I admit, I got a little misty eyed. Yet it was not because of sadness. It was pride. It was love. It was the desperate hope in my heart that I had done the "right" things as his mother to teach him right from wrong, how to choose from a place of love and truth and not fear, to prepare him for the challenges of being a college student, an adult, to make decisions on his own and fully accept the consequences of those decisions.
And we left him there and walked away. I was happy for him, not sad for me.
In the car, my husband gave me "the look". He hugged me. He told me he was proud of our son and proud of me and how I parented him. He asked how I was. I told him I was ok. HE was the one that brought on the tears. He told me I did a good job raising him and teaching him what he needed to know for this journey. That I *was* a good mom. He reminded me my boy loved me.
My mind immediately went to my failures as a mother. I failed to keep one of my children alive. She would never get this opportunity. I would never have this moment with her. It made this moment with my eldest that much more powerful for me. It helps me to appreciate the gift that this opportunity is for him and for me. I wasn't "losing" him. I was giving him the opportunity to fly.
I told him the tears were really more about the fact the perceived "loss" of a child going off to college is so very different for a bereaved parent. Perhaps that is why I'm not as sad as everyone thinks I should be. I'm not losing him forever. He's just growing up. I want him to succeed, to grow, to learn, to make mistakes and learn from them, to become a better person, to be the change in the world. My tears were in part, those of pride, of hope, of love.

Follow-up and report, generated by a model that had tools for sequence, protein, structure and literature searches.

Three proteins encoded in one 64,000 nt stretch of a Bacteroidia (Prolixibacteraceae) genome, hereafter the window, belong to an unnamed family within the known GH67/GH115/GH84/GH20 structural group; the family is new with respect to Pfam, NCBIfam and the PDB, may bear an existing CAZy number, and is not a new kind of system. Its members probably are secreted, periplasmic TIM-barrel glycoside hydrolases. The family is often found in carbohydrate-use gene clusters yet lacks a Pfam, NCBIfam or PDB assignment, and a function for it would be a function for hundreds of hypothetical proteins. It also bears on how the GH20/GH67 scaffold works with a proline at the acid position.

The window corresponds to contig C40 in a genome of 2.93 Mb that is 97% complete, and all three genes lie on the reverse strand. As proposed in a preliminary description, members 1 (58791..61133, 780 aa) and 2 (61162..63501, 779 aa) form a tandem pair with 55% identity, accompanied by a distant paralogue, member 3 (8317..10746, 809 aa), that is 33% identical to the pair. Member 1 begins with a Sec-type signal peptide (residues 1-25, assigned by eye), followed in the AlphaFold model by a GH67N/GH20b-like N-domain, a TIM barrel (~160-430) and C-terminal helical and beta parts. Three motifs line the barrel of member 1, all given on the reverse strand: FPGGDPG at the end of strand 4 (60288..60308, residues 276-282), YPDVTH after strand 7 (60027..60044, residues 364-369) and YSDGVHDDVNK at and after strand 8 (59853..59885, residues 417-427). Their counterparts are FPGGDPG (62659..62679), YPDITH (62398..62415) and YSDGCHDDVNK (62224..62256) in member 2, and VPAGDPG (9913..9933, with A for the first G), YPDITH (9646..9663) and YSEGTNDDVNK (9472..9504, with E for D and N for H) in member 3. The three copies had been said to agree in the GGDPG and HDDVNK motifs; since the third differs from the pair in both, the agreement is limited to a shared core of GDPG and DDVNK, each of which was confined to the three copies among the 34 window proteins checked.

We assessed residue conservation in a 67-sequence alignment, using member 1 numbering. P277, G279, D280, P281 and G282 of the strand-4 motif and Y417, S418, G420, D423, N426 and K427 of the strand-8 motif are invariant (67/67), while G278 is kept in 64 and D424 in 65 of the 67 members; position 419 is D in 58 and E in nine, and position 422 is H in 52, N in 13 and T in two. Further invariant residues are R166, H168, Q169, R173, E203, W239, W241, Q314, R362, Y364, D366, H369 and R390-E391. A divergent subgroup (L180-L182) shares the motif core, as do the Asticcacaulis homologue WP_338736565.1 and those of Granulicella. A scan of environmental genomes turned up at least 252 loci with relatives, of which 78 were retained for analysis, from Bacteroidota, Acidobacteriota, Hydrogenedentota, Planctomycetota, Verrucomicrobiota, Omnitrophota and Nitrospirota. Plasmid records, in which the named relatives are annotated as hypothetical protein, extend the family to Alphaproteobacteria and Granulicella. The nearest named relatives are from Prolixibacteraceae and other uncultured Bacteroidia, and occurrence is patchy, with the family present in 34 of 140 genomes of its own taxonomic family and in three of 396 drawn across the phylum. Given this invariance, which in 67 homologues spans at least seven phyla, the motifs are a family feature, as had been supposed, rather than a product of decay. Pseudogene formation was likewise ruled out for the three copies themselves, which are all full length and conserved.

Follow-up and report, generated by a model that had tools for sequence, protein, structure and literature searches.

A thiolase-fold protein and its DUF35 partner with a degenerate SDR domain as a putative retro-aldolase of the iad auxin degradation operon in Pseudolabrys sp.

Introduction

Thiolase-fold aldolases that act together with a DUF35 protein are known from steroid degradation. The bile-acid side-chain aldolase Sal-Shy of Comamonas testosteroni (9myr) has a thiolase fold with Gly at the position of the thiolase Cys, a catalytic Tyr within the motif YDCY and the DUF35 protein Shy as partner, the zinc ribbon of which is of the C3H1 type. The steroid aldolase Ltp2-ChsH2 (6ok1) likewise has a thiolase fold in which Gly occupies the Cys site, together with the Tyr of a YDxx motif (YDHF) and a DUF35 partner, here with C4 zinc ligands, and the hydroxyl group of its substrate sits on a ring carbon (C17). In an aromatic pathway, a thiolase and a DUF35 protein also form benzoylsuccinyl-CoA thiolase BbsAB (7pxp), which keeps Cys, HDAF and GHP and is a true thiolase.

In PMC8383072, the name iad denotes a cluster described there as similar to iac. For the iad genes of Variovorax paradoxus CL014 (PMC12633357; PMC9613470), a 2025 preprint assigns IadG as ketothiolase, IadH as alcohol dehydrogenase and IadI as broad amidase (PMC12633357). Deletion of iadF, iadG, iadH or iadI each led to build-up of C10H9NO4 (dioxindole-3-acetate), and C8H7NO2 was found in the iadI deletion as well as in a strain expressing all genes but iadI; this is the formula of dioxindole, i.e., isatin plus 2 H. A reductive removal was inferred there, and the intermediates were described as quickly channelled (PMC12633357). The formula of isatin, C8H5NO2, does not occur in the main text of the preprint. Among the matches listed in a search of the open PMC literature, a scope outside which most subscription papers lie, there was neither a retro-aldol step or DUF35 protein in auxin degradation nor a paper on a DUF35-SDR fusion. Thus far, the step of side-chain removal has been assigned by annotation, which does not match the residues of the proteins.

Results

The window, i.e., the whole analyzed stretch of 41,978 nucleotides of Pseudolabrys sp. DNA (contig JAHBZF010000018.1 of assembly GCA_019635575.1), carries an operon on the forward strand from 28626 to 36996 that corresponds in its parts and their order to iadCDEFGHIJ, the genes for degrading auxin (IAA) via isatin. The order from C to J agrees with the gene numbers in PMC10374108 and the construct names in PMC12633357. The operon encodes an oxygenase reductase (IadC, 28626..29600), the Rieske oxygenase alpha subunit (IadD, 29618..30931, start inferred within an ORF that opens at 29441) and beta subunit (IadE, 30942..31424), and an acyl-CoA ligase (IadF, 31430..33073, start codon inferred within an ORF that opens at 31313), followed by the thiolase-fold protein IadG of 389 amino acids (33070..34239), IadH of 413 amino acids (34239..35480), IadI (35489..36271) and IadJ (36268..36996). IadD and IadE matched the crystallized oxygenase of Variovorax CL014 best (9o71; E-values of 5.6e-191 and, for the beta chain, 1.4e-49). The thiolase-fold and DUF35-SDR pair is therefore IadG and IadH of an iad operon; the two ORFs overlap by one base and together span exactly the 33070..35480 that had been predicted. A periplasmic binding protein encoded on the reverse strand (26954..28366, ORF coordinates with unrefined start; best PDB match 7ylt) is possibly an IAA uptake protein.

If you've followed this blog, you know his sister Meghan died nearly 12 years ago, tragically and unexpectedly. She was a brief, but powerful influence in his life. They adored each other, even though she was only with us for 3 years. He wrote about her and the influence her death had on him for his college essays.
My tears in the hallway of the dorm and in the car were those of a parent who really *knows* what loss is like. And that colored how I felt about "losing" my son to college. God willing, he'll come home at Thanksgiving, and Christmas, and spring break, and for the summer. He'll keep coming back to the nest as he passes each milestone in his life. He'll come back a changed young man. Yet he'll always be my son.
He is not "gone", he's at school. He's doing something she'll never get the chance to do. That's bittersweet. It's powerful. It's a gift. For him and for me.
I know what it's like to truly lose a child. It's hell and it's a hurt that never goes away. So going off to college is far less of a loss to a parent who knows true loss. The perspective that gives me, or any bereaved parent, impacts all other "losses" in your life.
And I suspect, if she could say anything to her brother right now, it would be "Ky-ooooole. You listen to Meggie!" Hopefully she'd add something about doing your homework, being the best you can be, and calling your mother! I kinda hope she watches over him and steers him in the right direction. I hope he realizes the amazing gift and opportunity he's been given and makes the most of it.
And Thanksgiving? Yeah. He'd damn well better plan on spending some time with his mother!
Spread your wings and soar, proud and strong, like an eagle my son. Go forth, and change the world for the better!